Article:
How do you handle scale and machine speed?

In addition to all the challenges mentioned, we need to consider the fact that things are not merely getting more complex and difficult to inventory, but things are getting more numerous. There are more endpoints, servers, connected devices, cloud applications and users than ever before, and that all adds up to more entry points into the network.

On top of the sheer quantity of devices connecting to company assets, these elements operate, generate data and communicate at a much greater speed than in the past, giving IT and security personnel less time to react to threats and malfunctions.

As much as security people would like these trends to reverse, it’s impossible to turn this ship. Cloud, hybrid networks and connected devices are integral parts of the modern enterprise.

Augmenting existing solutions with a security platform

Enterprise will continue to use existing solutions such as firewalls, NTA and endpoint security. But trying to combine multiple, existing solutions in conjunction with new methodologies and products, all from an array of different vendors, is a sure way to increase complexity, reduce visibility and generate more work.

Integrating new products and workflow could be a real burden, and if you think that alert fatigue is bad today, wait and see how hard it will be to manage thousands of alerts on multiple systems, various consoles and diverse dashboards.

The answer to this cloud of chaos is to reduce complexity, to unify these solutions onto a single platform that can – from a single console and single endpoint agent – enable autonomous, prevention, detection and response. A single platform that can hunt in the context of all enterprise assets, be they on-premise, in the cloud or just rogue devices, such as insecure BYODs attached to the network by employees and outside of IT control or external attackers spoofing legitimate devices into connecting to them.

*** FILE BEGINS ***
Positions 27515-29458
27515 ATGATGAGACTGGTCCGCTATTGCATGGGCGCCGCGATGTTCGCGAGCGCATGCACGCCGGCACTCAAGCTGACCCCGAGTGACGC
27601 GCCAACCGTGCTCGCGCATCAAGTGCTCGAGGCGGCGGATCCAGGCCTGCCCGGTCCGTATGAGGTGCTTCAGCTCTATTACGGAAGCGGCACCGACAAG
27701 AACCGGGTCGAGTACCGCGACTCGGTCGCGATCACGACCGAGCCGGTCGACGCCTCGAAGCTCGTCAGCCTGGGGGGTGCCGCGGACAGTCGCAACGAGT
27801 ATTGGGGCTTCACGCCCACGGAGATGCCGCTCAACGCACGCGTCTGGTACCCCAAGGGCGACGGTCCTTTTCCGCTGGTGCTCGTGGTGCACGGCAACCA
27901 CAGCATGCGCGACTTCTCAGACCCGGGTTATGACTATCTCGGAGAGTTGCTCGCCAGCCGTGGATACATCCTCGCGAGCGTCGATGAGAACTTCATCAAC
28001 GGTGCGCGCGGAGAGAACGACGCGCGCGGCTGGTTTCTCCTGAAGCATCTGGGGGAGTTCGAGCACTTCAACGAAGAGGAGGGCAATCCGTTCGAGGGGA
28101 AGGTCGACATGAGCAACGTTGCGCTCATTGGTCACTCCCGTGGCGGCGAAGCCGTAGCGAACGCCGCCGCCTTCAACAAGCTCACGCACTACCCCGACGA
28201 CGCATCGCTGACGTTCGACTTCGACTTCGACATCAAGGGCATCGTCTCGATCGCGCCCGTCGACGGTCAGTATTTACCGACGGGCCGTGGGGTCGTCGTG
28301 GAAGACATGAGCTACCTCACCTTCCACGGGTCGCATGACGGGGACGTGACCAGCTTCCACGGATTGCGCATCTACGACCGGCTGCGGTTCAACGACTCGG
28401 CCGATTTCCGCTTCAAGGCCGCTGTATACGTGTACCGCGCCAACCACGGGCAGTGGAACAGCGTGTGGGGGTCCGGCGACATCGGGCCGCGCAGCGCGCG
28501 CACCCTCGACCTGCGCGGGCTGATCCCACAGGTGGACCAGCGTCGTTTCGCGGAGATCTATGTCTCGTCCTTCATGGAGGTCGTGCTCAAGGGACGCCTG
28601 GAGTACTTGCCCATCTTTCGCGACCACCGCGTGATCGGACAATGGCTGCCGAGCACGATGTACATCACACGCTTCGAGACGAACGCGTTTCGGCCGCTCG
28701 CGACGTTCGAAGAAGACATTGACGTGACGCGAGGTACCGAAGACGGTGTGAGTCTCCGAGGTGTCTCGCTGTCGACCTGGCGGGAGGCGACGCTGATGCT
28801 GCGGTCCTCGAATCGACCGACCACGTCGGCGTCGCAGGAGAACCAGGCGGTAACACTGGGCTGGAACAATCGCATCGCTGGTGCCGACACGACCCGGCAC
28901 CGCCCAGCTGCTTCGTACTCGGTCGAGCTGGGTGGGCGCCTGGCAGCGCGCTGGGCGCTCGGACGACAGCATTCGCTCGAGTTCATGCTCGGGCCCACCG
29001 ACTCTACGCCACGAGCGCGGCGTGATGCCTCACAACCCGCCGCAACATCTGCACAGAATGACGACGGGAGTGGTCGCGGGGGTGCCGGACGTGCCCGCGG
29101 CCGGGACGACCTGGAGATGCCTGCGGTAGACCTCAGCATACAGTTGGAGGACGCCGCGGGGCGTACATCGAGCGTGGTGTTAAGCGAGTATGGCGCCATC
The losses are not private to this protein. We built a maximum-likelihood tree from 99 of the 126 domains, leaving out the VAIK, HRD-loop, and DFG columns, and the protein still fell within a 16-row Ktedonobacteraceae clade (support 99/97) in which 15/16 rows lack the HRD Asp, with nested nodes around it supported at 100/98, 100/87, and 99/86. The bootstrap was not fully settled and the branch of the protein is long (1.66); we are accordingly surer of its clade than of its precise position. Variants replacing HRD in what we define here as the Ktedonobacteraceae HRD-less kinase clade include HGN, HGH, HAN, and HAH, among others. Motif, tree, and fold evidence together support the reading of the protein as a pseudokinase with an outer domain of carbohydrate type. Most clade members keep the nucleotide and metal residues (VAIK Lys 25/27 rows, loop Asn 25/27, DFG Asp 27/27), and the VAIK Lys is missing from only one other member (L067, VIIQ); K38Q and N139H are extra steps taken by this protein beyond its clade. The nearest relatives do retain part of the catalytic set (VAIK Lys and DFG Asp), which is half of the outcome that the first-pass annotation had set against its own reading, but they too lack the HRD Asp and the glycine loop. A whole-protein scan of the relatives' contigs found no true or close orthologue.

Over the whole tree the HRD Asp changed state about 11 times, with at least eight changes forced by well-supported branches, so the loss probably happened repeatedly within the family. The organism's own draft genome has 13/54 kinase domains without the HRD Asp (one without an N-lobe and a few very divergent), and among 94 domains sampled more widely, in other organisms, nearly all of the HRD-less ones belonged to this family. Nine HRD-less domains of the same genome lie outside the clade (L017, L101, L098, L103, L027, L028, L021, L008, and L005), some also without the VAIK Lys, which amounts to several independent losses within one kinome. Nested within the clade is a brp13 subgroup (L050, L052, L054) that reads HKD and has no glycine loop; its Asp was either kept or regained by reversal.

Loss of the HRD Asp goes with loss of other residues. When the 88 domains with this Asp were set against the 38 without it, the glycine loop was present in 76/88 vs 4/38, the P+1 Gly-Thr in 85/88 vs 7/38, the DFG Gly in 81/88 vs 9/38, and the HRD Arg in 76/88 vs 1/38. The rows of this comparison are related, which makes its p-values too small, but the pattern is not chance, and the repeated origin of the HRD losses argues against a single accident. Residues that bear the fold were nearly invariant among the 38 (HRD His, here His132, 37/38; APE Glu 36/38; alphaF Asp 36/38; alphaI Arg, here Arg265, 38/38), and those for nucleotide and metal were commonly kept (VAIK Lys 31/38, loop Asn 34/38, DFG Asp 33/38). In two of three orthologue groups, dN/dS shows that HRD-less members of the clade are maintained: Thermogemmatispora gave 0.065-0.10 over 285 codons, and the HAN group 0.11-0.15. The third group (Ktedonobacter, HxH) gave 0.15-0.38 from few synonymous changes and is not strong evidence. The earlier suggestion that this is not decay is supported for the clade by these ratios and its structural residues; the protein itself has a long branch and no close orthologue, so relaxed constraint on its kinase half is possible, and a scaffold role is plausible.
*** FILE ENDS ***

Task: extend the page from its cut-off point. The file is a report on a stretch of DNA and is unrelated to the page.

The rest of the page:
This platform should be automated, and future-proof – meaning it must be able to integrate with additional solutions and cloud platforms through a rich set of native APIs – and, of course, it must be able to counter novel threats through utilising machine learning and behavioural detection.

Such a platform should enable all required security functionalities – external device and firewall controls, alert handling, forensic investigation and proactive hunting, on all endpoints, IoT devices and cloud platforms, and it should not require extensive training or manpower to operate.

A single security platform that can solve the challenges of modern enterprise architecture and not only cater for today’s complexities and threats, but also easily “grow” along with the organic growth of the organisation, is the only plausible investment in the future of your enterprise security.

Yotam Gutman, Director of Marketing, SentinelOne

Yotam Gutman, Director of Marketing, SentinelOne.